Patients with an underactive thyroid often find “carotenemia” on the “hands” and “soles”.

There are several dermatological manifestations associated with hypothyroidism, but many of them are easily confused with other diseases. Sometimes an underactive thyroid prevents the conversion of nutrients during digestion. The result can be yellowing of the palms, soles, and nasolabial folds on the face.

The journal Dermato-Endocrinology states that in hypothyroidism, the skin “prone to paleness” due to the water content of the skin.

He adds, “In addition, increased skin carotene content can appear as a noticeable yellow tint on the palms, soles, and nasolabial folds.”

Carotene is the molecule that gives the skin its yellow color, so when carotene levels are elevated, the yellow color in the skin can increase.

This condition is medically known as carotenemia, which is most commonly caused by prolonged and excessive consumption of carotene-rich foods such as carrots, squash, and sweet potatoes.

READ MORE: Xerosis may be the ‘most common’ sign of hypothyroidism on the skin

The MSD guidelines warn that the dermatological manifestations of hypothyroidism are often “inconspicuous and insidious.”

The health authority adds: “The most common symptoms are urinary retention and swelling, especially periorbital, fatigue, cold intolerance and mental fog.”

Primary hypothyroidism is caused by a decrease in the secretion of the hormones T4 and T3 by the thyroid gland.

When both of these hormones are depleted, thyroid stimulating hormone (TSH) levels increase.


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As a result, many body functions begin to malfunction, especially metabolism and body temperature.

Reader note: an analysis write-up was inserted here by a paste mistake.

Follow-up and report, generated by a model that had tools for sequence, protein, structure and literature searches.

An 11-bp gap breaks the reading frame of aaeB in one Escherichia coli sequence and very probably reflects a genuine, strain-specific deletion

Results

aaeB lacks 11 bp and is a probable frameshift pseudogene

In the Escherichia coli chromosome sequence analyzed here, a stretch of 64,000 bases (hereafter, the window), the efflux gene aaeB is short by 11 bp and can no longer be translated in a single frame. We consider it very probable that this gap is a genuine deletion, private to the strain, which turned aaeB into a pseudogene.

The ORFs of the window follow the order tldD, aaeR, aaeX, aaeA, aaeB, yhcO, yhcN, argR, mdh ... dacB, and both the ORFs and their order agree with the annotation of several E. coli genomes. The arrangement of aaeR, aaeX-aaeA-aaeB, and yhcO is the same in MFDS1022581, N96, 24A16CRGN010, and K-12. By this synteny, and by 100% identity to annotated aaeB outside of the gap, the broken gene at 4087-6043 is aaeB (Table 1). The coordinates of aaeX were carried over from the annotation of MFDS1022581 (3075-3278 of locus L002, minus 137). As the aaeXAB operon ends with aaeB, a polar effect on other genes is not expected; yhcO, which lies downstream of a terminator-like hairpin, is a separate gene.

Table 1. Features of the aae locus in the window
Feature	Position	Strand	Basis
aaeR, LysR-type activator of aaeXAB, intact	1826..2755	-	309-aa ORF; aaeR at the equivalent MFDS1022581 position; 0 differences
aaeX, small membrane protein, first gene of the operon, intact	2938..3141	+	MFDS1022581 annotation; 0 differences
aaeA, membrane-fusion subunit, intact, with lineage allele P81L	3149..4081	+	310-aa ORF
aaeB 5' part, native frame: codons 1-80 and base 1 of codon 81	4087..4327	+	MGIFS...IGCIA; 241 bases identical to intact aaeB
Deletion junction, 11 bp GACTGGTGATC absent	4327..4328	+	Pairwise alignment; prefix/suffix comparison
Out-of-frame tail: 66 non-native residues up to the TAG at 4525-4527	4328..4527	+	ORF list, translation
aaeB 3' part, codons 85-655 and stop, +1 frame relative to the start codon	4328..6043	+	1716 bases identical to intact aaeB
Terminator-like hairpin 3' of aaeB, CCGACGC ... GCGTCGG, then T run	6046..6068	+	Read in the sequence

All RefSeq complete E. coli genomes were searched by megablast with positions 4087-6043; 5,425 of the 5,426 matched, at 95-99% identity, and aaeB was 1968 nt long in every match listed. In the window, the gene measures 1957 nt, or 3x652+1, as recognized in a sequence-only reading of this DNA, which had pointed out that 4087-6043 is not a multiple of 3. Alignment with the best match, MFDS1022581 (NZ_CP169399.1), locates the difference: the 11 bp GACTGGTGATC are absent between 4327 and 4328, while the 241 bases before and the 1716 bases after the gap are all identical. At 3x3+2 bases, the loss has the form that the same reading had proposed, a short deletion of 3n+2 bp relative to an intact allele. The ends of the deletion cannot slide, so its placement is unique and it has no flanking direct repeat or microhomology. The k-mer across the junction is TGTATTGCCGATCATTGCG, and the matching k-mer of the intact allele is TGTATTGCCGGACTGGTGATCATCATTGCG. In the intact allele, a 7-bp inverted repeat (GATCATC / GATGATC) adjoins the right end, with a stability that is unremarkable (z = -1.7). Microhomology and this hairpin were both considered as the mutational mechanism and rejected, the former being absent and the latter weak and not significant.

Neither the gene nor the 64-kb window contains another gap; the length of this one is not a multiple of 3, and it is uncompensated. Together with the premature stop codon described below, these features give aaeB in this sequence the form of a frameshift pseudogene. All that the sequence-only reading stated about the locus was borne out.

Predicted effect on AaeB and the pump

“People with hypothyroidism and diabetes are also known to be prone to developing hypercarotenemia with normal consumption of carotenoid-rich foods,” Science Direct says.

A medical journal cites a 46-year-old hypothyroid woman who went to the doctor for two years with a chief complaint of yellowing of the skin on her palms.

READ MORE: ‘Noticeable changes’ in voice may signal low thyroid

During a medical examination, doctors confirmed yellow pigmentation on the patient’s palms.

The patient thought she had severe jaundice and her relatives suggested that she could handle fruits and vegetables such as carrots, pumpkins and tomatoes.

“Once noticing that her jaundice was getting worse, she began to eat more and more carrots and pumpkins,” the magazine explains.

This overload of carotene in the body likely exacerbated the yellowing of the skin.

Since vitamins and nutrients are metabolized more slowly in hypothyroidism, they are more likely to accumulate in the body.

“A generally accepted cause of carotenemia in hypothyroidism is decreased conversion of carotene to vitamin A, and associated hyperlipidemia and hypercholesterolemia,” explains Medscape.

“The thyroid hormone is an antagonist of vitamin A and controls the rate of its intake.”

Other common signs of an underactive thyroid include weight gain, difficulty concentrating, and increased sensitivity to cold temperatures.

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